How to keep your money safe, Part 2: Scams possibly increasing

In our last entry, “How to keep your money safe, Part 1: Avoiding pension scams”, we explained some things to look out for to protect your pension from scams. This post looks at the findings from our recent survey of over 55s to see how people feel about the pension reforms, advice and recognising scams.

Scams can be convincing

Of the 1,000 people we surveyed, a huge 40% said they don’t feel very confident in being able to tell the difference between a scam and a legitimate offer. This is worrying, because…

More than half of the respondents thought they had been contacted by a scam

52% of people had been contacted by a company that they felt could be running a financial scam. In fact, almost a quarter (21%) have either been or known a victim of a financial scam, which highlights how important it is to stay alert and do some research before making a decision. More men have been contacted by a company they thought was running a scam than women – 60% and 45% respectively.

Scams may be on the increase – especially if you’re close to 55

Over a third of respondents (39%) claimed they had noticed an increase in the volume of pension-related sales calls since shortly before the pension freedoms took effect. Of those who had noticed an increase, almost half were aged 55-59, and the percentage dropped to 31% for those aged 65 or above.

One possible explanation for this could be pension release at 55. This is the earliest people can access their pension, and are less likely to have already purchased an annuity with their fund. Clearly the need to understand the true options is important, yet…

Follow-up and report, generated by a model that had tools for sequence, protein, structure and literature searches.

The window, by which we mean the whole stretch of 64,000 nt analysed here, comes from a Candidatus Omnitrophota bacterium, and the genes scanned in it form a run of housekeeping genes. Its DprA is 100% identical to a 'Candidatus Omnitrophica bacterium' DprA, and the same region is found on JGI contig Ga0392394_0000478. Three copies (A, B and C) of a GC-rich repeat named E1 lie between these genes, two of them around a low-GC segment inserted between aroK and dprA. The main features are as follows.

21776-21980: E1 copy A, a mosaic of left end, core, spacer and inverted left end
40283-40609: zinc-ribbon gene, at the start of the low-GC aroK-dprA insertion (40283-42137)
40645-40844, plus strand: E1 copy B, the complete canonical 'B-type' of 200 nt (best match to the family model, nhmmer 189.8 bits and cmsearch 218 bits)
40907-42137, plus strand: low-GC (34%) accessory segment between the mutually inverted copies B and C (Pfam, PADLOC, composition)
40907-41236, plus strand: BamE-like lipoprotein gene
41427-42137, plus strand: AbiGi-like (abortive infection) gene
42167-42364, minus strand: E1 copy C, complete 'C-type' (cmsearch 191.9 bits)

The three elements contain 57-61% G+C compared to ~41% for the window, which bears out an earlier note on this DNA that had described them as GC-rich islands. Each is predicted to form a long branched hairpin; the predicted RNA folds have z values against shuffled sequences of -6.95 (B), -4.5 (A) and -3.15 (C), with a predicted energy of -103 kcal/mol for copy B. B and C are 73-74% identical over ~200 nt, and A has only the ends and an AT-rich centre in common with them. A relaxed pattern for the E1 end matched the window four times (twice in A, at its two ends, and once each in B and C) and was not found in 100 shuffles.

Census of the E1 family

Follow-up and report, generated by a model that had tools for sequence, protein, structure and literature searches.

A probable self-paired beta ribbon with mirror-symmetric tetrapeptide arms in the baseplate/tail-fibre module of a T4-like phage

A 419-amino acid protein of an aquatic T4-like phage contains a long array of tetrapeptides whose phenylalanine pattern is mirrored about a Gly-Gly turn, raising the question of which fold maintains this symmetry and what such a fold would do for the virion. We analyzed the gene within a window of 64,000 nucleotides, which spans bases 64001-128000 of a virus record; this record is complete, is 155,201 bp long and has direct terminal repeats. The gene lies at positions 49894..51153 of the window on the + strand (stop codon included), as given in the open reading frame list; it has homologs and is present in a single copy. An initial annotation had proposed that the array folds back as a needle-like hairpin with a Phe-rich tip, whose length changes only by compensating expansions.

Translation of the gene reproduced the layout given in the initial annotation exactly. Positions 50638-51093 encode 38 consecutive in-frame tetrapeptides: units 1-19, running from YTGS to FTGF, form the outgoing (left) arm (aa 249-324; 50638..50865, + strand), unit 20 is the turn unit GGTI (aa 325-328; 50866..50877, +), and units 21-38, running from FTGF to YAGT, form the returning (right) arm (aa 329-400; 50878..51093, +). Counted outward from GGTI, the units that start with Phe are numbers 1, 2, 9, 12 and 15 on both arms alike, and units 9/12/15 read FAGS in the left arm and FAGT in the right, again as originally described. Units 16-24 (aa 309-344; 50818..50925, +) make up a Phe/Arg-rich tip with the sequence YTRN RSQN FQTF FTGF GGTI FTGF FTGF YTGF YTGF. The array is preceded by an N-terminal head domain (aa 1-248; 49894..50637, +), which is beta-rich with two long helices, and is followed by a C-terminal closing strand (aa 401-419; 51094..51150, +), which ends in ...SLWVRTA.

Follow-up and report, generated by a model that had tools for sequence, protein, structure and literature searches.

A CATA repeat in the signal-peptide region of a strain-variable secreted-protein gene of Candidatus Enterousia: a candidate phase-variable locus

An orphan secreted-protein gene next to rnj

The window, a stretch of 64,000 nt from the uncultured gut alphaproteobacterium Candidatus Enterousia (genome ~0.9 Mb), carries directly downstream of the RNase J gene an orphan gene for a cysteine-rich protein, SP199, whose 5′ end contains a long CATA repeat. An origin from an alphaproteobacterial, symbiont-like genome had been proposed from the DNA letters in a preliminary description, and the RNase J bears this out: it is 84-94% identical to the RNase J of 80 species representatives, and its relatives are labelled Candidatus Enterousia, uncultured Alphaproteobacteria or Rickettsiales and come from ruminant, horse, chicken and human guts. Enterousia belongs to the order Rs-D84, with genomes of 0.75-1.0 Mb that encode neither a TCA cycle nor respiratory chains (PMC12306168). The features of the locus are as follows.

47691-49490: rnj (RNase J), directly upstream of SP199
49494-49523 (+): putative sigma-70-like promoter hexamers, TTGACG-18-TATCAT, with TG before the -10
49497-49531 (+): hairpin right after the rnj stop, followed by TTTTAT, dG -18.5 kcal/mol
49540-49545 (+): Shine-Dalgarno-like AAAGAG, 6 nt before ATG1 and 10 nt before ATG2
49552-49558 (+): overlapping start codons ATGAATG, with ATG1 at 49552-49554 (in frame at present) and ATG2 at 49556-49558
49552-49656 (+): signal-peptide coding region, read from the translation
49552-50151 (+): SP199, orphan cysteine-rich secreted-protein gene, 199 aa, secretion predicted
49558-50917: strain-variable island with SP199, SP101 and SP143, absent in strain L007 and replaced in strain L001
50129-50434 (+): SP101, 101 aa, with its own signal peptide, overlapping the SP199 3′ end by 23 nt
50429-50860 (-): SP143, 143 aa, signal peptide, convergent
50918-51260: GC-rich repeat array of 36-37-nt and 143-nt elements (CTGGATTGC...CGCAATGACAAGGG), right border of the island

45% of people do not feel well informed about the new pension reforms

Fewer than half of women feel well informed about them, while nearly two-thirds of men claim to be well informed. This is concerning, as knowing what options are truly available is one of the best ways to stay safe from scams. 

A regulated adviser can explain the new rules, what they mean for you and how you can create a flexible retirement plan with them, however…

Almost a quarter don’t know where to go for accurate financial advice on the reforms

For those between 55 and 59, this increases to 28% not knowing where to get accurate advice. The percentage drops to 21% from the age of 60, but that’s still an awful lot of people. This could increase the risk of falling victim to a scam, especially as fraudsters often make themselves look as official as possible.

It’s essential to understand what you are and are not allowed to do to keep your money safe in retirement. The government’s Pension Wise guidance service can explain an overview, but regulated advice can take your personal circumstances into consideration.

If you are approached by a company offering advice or investments, check the FCA’s register or ScamSmart website to see if they are regulated.

Have you been or known a victim of a financial scam? Let us know with a comment below.

Call 0800 304 7288 for a friendly chat about your pension

The details provided in this article are for general information only and are in no way deemed to be financial advice. All of the material is correct as of the publication date, but could be out-of-date by the time you read the article. For our latest information and news, please see our articles section:

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